If it is a new year there must be new labor laws! In fact, there are 16 new labor laws that may affect employers including expanded sick leave, new productive loss leave, higher minimum wages, and a Workplace Violence Prevention Plan. In addition, during 2023 there were some court cases and regulations bye with Department of Labor (DOL) and the National Labor Relations Board (NLRB). In this month’s article I will highlight a few more of these laws.
AB 2188 CANNABIS USE RIGHTS
The cannabis use rights law, prohibits employers from discriminating against an employee or applicant based on the person’s use of cannabis off the job and away from the workplace.
Employers may still conduct pre-employment drug testing, and an employer can still refuse to hire someone based on a valid pre-employment drug screening that looks only for psychoactive cannabis metabolites.
Employers need to adopt testing procedures that screen for active impairment/THC and discontinue testing for non-psychoactive metabolites.
SB 700 CANNABIS USAGE QUESTIONS FOR APPLICANTS
Employers may not request information from a job applicant about their prior use of cannabis. Information about an individual’s prior cannabis use obtained from their criminal history is also off limits.
Under the state’s Fair Chance Act, that places strict limits on the review and consideration of criminal history some employers are allowed to consider it in employment decisions.
This law does not apply to employees in the building or construction trades.
It does not preempt state or federal laws that require applicants or employees to be tested for controlled substances such as truck drivers.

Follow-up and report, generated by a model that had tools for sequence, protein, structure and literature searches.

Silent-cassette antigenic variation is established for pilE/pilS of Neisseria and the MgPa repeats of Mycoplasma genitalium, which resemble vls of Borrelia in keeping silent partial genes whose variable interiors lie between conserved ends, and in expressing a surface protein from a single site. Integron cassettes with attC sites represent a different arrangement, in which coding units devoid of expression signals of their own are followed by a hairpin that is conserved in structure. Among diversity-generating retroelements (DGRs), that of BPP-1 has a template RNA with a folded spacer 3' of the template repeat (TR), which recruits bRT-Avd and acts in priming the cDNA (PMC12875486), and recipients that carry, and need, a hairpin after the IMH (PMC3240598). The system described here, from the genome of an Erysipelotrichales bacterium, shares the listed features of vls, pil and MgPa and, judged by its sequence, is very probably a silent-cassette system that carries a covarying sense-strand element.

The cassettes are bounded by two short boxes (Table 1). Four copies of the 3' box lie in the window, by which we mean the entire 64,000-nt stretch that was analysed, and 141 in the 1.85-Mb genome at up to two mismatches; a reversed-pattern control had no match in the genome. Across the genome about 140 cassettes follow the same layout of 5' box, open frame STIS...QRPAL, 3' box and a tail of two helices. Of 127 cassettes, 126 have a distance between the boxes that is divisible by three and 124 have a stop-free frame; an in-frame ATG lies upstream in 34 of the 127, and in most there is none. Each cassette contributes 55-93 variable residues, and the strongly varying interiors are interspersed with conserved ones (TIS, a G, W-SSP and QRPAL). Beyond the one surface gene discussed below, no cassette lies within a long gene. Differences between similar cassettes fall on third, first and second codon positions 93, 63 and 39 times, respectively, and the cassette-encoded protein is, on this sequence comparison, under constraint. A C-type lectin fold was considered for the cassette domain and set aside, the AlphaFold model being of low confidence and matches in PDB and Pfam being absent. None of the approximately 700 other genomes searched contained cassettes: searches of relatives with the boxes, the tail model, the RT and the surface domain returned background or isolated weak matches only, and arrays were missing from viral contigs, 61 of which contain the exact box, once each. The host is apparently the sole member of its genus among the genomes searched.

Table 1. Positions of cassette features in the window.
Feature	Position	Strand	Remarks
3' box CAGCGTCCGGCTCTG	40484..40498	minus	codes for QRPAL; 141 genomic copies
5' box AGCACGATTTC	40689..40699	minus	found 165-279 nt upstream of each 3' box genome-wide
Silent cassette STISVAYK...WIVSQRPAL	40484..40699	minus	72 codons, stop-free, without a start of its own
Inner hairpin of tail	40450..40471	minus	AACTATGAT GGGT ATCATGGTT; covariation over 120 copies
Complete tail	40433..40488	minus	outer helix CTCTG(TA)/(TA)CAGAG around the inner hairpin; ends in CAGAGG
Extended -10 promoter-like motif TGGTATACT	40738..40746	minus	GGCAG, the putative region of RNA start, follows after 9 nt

AB 636 NOTICE REQUIREMENTS NEW EMPLOYEES
Labor Code section 2810.5 requires employers to provide a wage and employment notice to new hires. AB 636 adds a new section to this notice and requires employers to provide information about federal and state emergency declarations applicable to any counties in which employees are employed.
Additionally, employers will be required to provide information about rights and protections under California law to H-2A employees.
There is a new template created by the Department of Industrial Relations at this link for English: https://www.dir.ca.gov/dlse/lc_2810.5_notice.pdf.
AB 594 WAGE THEFT ENFORCEMENT
AB 594 permits public prosecutors to independently prosecute certain wage and hour violations that occur within their geographic jurisdiction. Previously, only the Labor Commissioner’s office had this power. A public prosecutor may seek injunctive relief to prevent continued violations of the Labor Code, as well as city or county district attorneys or city attorneys. Moneys recovered by public prosecutors will be paid first to affected workers, then to the General Fund of the state.